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KLT to Receive $600K Over Four Years from The Michael Young Family Foundation to Accelerate Whole Landscape Conservation in the Kawarthas

Kawartha Land Trust staff and Partners in Conservation landowner walking on property in Kawarthas

Our ecologically vibrant landscape is in the hands of thousands of landowners. The care of private lands in the Kawarthas affects the overall health of nature across our region. Thanks to The Michael Young Family Foundation (TMYFF), Kawartha Land Trust (KLT) will be able to work with more landowners in the Kawarthas to ensure a greener, more sustainable future for all.

The Michael Young Family Foundation is investing $600K over four years in Kawartha Land Trust to help empower landowners and their communities to steward local farmlands, wetlands, grasslands, and forests as one thriving ecosystem.

Over the last decade through its “Integrated Land Project,” The Michael Young Family Foundation has partnered with Kawartha Land Trust and Nature Conservancy of Canada (NCC) to improve biodiversity in the Kawarthas.

The project is about listening to the needs of local landowners, including farmers, and asking how we can work together to create a more sustainable landscape. Together, we bring our wealth of knowledge about land directly to landowners and inspire and support them in their efforts to regenerate the health of farms, forests, and habitats — as one integrated whole.

This new investment from TMYFF will allow KLT to expand upon its efforts to work with private landowners through its growing Partners in Conservation (PIC) program.

“We have been partnering with KLT since 2012 and have been consistently impressed by the team’s commitment to the land and the community it serves,” said David Young, Chairman of The Michael Young Family Foundation.

“KLT has, in a very short period of time, grown to become a leader in the land trust movement in Canada which is showing the way forward in land conservation. This is not our first long-term commitment to KLT, nor I suspect, will it be the last.”

KLT staff member and volunteer planting trees
KLT Partners in Conservation Coordinator Rachel Barrington (right) and volunteer (left) planting Dogwood and Willow Trees to enhance riparian area at KLT’s Kidd Farm CEA in Douro as part of KLT’s Partners in Conservation program. (Photo: Kate Powell)

KLT’s Partners in Conservation program was created to build relationships with people and families who own land and to support them with various stewardship initiatives. The program has worked with landowners on a variety of initiatives, including shoreline restoration, tree planting, fish habitat restoration, sustainable management of agricultural and forestry land, managing invasive plant species, improving pollinator habitat, and other projects.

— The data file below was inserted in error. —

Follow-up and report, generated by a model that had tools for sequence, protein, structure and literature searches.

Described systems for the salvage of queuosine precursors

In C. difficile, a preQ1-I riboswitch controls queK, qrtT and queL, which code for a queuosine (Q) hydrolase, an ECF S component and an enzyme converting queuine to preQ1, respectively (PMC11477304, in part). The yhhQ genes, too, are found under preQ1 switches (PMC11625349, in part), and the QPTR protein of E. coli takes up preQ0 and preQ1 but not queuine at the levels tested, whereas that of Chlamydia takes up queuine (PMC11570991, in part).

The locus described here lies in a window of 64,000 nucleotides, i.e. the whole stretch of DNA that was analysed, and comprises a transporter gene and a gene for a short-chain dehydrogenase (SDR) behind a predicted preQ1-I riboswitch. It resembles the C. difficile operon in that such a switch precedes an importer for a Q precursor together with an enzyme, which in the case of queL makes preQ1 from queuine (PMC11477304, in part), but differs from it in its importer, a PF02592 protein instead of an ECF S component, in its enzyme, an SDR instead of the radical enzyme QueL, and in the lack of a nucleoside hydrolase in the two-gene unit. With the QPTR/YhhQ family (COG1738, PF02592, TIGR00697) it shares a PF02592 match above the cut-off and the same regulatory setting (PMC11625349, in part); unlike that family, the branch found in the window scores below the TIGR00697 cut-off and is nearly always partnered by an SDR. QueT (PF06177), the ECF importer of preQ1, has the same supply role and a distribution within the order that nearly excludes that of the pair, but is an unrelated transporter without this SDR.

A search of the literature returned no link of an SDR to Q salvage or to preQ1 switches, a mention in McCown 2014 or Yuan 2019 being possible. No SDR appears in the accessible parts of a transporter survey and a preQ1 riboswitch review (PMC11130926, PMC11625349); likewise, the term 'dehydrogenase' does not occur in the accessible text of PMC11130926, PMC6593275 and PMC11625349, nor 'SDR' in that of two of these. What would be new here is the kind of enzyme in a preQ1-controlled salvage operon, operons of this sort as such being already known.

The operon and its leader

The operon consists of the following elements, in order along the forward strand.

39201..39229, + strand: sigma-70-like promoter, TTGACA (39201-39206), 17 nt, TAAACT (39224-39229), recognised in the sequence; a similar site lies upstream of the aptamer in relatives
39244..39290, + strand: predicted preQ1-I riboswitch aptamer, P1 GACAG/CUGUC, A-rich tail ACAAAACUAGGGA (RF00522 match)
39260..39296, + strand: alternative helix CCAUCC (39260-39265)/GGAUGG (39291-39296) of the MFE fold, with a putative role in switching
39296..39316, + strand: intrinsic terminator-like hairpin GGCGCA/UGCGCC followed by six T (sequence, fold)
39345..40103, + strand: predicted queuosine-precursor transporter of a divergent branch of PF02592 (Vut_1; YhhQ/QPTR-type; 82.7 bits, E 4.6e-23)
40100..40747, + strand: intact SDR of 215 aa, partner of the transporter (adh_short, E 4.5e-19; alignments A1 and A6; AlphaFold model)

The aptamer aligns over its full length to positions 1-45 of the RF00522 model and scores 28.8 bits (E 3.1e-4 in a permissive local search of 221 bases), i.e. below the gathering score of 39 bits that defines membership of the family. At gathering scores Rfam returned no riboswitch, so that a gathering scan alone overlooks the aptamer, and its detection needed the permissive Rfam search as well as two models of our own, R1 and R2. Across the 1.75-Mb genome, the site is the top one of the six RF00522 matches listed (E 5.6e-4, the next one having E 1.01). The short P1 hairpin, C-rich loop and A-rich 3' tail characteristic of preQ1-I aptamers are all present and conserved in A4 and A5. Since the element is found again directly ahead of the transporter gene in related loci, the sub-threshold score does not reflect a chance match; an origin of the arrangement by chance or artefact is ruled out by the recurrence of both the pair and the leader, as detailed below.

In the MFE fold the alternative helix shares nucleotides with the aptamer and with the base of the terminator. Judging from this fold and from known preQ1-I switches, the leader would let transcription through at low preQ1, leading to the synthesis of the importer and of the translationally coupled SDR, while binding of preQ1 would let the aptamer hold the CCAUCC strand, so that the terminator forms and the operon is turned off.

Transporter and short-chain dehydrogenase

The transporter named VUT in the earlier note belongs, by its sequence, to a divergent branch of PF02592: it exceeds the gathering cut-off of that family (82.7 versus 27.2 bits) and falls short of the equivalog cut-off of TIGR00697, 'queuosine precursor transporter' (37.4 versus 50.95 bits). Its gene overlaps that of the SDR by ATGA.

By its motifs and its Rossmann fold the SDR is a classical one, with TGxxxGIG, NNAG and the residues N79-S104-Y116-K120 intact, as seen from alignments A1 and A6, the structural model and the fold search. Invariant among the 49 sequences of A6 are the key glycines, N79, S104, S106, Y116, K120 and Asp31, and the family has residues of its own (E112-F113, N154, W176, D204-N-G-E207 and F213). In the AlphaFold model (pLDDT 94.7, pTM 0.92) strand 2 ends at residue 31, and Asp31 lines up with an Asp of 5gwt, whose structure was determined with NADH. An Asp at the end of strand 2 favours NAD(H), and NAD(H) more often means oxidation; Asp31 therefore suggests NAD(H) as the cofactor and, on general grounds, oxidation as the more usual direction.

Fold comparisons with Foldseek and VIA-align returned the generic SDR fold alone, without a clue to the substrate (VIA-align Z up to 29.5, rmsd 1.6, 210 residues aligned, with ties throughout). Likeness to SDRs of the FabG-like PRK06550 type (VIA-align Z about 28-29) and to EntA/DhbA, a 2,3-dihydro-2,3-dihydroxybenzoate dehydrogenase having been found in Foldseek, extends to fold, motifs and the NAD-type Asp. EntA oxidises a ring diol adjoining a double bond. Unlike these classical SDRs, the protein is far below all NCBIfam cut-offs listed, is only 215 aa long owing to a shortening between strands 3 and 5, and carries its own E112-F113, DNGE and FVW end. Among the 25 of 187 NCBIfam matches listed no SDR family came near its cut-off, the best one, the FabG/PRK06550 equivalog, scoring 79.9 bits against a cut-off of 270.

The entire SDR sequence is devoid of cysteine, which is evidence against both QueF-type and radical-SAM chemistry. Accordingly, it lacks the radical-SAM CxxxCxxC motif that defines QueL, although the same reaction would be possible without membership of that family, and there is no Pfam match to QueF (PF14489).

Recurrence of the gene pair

Through our Partners in Conservation program, KLT has been able to expand our impact in the Kawarthas. Over 80 participants who collectively own more than 11,000 acres of land have entered the program to date, bringing KLT’s total impacted lands to over 16,000 acres.

“I’m constantly inspired by the landowners I meet in the Kawarthas,” said Thom Unrau, KLT’s Director of Community Conservation.

“So many people are eager to do their part to mitigate the effects of climate change, restore nature, reconnect people to land, and build sustainable food systems. I believe land, and, therefore, each landowner, has enormous power to shape the future. The generous financial contribution from The Michael Young Family Foundation will enable Kawartha Land Trust to build a larger network of landowners working toward a more resilient and sustainable Kawarthas for all.”

For those who own more than 30 acres of land and are interested in becoming part of Kawartha Land Trust’s Partners in Conservation community and receiving a customized stewardship guide, please reach out to KLT’s Partners in Conservation Coordinator Rachel Barrington at [email protected] or 705-743-5599.

For more information on the program, visit our Partners in Conservation program page

Main image: Kawartha Land Trust staff and a Partner in Conservation walking on the land during a fieldwork day to support grassland habitat. (KLT)

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